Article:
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next stage. in mid—february, those who have managed to get that support go to the next stage with the voting happens. it is until the 4th of april when we get the results on who the new labour leader is. are they going tojust the new labour leader is. are they going to just change leader or will they change direction? that is the key question, depending on who they choose that will give an idea of the direction of the labour party in the yea rs direction of the labour party in the years to come. thank you. scientists say the number of people infected by the new respiratory virus that has emerged in the chinese city of wuhan is likely to be far higher than official figures suggest. there are 41 laboratory confirmed cases of the virus, which is related to sars, but experts in london estimate the true number is closer to 1,700. the alarm has prompted screening at airports across asia and in the us. gareth barlow reports.
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this is wuhan, the chinese city where the mystery virus was first identified. an outbreak that has since turned deadly. scores of infections have been confirmed but now a team at imperial college in london estimates the true figure is around 1,700 cases. while the outbreak is centred in china, there have been two cases in thailand and one injapan. we are not able to...to prohibit people from travelling so what we can do is detecting and bring any suspected to receive treatment from our service facility. airports in asia and the united states have begun screening travellers arriving from wuhan. the uk team behind the study said that, while they're concerned, it was too early to be alarmist.
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the virus is similar to sars, which killed almost 800 people and infected over 8,000 in 2002. it looks like the virus is closely related to sars, which you mentioned previously. since sars emerged, people have been developing vaccines and drugs to see if they work against sars. the problem is this virus is different. we do not know yet if those drugs and those vaccines work. chinese scientists says there has been no cases of the virus spreading between humans and that it came about from infected animals at a seafood and wildlife market. but the team at imperial college argues the possibility of substantial human—to—human tranmission should be considered more seriously. identifying how the virus is spread will be crucial to understanding its threat and how best to react. gareth barlow, bbc news. professorjohn 0xford is a virologist at queen mary, university of london. thank you very much forjoining us.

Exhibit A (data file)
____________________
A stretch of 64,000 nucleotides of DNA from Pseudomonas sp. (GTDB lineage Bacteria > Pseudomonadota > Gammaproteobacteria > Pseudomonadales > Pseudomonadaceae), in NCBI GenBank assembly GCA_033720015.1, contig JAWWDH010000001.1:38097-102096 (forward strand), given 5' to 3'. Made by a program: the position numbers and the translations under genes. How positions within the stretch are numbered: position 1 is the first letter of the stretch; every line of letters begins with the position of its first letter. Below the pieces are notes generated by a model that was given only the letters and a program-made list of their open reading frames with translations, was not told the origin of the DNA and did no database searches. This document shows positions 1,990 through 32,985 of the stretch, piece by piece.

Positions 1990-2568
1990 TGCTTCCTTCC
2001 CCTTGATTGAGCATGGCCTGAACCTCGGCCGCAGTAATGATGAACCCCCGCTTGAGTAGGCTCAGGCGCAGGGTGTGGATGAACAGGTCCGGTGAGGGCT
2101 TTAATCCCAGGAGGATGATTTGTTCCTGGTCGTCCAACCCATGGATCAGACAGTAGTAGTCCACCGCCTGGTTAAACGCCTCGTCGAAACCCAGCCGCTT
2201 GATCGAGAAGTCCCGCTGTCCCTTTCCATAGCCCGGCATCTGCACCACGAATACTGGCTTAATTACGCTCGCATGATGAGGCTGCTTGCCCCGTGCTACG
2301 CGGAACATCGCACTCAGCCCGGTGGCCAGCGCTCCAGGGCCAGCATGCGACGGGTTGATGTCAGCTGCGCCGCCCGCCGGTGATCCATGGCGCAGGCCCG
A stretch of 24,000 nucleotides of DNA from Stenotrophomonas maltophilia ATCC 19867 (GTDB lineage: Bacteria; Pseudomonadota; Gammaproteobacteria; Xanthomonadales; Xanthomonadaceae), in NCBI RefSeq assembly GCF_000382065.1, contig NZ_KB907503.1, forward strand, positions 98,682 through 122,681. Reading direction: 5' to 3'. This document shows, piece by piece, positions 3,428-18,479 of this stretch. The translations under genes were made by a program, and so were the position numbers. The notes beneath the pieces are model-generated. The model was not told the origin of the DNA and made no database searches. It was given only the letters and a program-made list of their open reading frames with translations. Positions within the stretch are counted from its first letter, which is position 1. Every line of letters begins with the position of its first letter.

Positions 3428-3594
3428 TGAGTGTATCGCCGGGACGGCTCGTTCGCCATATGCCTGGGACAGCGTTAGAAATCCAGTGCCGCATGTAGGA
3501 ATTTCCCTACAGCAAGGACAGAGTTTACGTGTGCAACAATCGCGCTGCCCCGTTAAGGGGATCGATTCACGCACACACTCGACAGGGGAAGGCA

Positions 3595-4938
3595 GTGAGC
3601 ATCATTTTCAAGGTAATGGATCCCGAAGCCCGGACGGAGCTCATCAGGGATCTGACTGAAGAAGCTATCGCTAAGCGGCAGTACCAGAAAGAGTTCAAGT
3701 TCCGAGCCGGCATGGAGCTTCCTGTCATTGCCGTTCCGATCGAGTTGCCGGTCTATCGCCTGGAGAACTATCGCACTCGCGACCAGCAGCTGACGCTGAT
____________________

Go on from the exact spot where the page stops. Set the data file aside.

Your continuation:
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it starts a model of the kind of virus we are talking about behind you. yes, it is a good representation of the family corona virus of which this virus is a member. we know quite a lot about the family and i could give us a lot of information in the background. 0ne of information in the background. one thing we know about the coronavirus family is that they are not global, they are not pandemic, so not global, they are not pandemic, so if anybody thinks this is going to grow into a fast pandemic sweeping around the world and affecting billions of people that is the wrong interpretation. coronaviruses don't act like that, they are much more circumspect. the sars outbreak, the biggest one we have had, 8,000 people in the whole world, that's all, in a world of 8 billion, were infected. we are dealing here with the virus that will not be hugely global. you might get a case coming to england on an